Aucklanders are calling for more investment in swimming pools, but extra funding of $25 million is five years away.
Auckland mayor Phil Goff's "build-it" budget contains $26 billion for investment in transport, housing, the environment and other projects.
When it comes to swimming pools, the budget proposal has $25m of new spending, but not until halfway through the 10-year budget.
While a new $27m aquatic centre at Flatbush in South Auckland will begin as soon as practicable, new funding of $25m will not kick in until 2023.
There are plans for a new pool in the inner-west being built within five years and work on a new pool in the northwest starting after that.
The sites of these two new pools have not been determined, although an indicative business case has recommended an inner-west pool in the Whau area.
Public feedback on the budget expressed "serious concern" about access to the council's 24 pools and dissatisfaction with over-crowded pools and long wait times in peak periods, such as school holidays.
People were also concerned about this lack of access being a barrier to teaching kids to swim and potentially contributing to higher rates of drowning.
Water Safety New Zealand figures show 22 people drowned in Auckland in 2017, twice the number of 11 in 2016.
Water Safety chief executive Jonty Mills said swimming pools are integral to water safety education, saying the barriers of travel, time and cost are prohibitive to many people getting access and one of the reasons why aquatic education levels are in decline.
"Our concern is the correlation between this and long term drowning prevention. We support the council's initiative to open new facilities and from a Water Safety New Zealand perspective, the sooner this can happen the better for local communities," he said.
The council's 21 local boards have also been strongly supportive of more investment in swimming pools.
Goff was unavailable to discuss funding for swimming pools, but a spokesman said the budget provided a total of $151m in the Flatbush and inner-west pools.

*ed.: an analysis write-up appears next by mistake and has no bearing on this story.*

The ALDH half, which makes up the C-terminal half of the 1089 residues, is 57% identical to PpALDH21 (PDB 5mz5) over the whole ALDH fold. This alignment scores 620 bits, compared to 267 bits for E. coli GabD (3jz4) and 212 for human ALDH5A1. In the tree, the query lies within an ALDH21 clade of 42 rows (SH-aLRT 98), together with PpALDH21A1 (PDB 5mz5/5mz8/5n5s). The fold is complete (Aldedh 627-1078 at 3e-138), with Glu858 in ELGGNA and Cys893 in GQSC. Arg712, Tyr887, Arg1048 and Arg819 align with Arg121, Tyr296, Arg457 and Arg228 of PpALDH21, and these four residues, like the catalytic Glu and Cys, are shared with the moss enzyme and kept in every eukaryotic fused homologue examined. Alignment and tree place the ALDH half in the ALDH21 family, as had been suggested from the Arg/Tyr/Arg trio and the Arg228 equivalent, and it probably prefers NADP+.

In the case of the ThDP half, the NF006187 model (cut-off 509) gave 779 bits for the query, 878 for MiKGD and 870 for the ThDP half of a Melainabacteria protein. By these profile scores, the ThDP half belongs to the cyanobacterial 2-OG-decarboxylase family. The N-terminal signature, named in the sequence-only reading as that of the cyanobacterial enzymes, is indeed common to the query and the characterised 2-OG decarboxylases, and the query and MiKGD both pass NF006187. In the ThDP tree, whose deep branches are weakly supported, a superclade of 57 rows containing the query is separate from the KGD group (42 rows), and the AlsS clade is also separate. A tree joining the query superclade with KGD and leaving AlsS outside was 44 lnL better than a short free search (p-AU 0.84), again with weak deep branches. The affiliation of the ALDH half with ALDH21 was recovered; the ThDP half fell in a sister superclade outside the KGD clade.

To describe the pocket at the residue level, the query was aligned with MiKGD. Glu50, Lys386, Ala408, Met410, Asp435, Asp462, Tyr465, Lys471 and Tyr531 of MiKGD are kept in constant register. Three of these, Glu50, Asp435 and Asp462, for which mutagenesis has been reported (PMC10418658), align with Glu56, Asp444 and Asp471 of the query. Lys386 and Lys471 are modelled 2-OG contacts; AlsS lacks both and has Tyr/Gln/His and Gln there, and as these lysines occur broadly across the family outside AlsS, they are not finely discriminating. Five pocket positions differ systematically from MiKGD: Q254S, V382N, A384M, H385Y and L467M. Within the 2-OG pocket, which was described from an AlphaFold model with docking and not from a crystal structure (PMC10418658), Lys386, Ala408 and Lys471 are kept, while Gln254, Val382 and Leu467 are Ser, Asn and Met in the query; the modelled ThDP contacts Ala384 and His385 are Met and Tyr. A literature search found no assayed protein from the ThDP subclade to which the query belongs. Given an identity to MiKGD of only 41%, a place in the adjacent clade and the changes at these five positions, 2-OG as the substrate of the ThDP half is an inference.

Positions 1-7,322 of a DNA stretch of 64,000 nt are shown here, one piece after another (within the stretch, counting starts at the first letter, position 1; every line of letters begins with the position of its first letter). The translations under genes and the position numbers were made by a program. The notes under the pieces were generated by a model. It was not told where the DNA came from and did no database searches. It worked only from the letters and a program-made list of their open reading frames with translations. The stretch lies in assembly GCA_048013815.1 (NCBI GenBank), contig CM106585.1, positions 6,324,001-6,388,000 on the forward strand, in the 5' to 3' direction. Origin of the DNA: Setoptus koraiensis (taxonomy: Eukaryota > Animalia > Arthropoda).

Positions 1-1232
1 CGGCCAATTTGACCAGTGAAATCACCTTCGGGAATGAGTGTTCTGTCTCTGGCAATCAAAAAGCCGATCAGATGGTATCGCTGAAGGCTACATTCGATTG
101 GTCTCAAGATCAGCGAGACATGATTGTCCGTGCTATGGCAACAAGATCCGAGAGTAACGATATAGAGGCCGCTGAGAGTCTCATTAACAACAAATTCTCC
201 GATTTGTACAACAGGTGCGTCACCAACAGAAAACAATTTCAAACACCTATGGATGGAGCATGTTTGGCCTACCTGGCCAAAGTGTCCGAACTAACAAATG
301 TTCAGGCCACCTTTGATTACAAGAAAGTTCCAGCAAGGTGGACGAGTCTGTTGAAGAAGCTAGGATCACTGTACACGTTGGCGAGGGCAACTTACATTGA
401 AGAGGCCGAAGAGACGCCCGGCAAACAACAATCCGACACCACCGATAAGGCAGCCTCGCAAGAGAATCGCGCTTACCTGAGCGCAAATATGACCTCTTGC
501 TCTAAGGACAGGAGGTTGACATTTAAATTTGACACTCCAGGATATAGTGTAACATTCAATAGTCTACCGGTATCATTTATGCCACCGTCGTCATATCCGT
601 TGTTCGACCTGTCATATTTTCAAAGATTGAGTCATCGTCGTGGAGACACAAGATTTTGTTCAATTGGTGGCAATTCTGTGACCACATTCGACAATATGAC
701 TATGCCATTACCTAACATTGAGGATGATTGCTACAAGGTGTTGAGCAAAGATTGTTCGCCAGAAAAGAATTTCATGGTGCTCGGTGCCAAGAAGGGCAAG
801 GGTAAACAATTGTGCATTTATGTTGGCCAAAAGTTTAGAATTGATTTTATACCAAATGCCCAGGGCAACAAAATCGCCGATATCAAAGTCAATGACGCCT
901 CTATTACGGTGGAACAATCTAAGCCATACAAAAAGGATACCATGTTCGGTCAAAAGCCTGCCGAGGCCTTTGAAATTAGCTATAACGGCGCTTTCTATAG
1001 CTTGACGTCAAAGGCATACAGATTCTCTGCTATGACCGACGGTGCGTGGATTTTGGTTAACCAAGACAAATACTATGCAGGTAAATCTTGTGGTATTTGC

The mayor has said the budget will deliver the city's biggest-ever investment to tackle big issues such as transport, housing and the environment. There is no money for a downtown stadium.
Goff said a stadium is unlikely to be built until the 2030s. Funding could be provided in the next 10-year budget, which runs into the 2030s, he said.
The budget, due to be debated and decided by councillors on Thursday, also contains funding for a raft of new smaller projects such as $1.4m to implement a smoke-free policy and $475,000 to the Auckland City Mission to improve its Hobson St property.
A number of proposals in the budget benefit Māori groups.
The Tūpuna Maunga Authority, which manages 14 maunga, or volcanic cones, is seeking an extra $23.5m for a programme to restore the tīhi (summits), reinstate open space areas, develop tracks and viewing platforms and replace exotic trees and weeds with native trees.
Ngāti Whātua Ōrākei Reserves Board is in line for additional funding of $14.3m and To Poari o Kaipātiki ki Kaipara, which oversees the Parakai Recreation Reserve, a further $11.5m to improve the reserve.
The Independent Māori Statutory Board, whose members sit on council committees but not the governing body, could receive a further $35m over the 10 years to improve Māori outcomes, taking its budget from $111m to $146m.
Board chairman David Taipari said improving Māori outcomes included things like identifying and scheduling sites of significance, helping marae, providing for employment and raising the Māori economy.
Goff's budget proposal also reveals that $55m of new funding and bringing forward $53m of existing budget for the America's Cup and Apec leaders conference in 2021 will come at a cost to other city projects.
The $1b budget for a 10-year, city-centre programme will be cut by $150m, including completion of a greenway on Victoria St running from Albert Park to Victoria Park.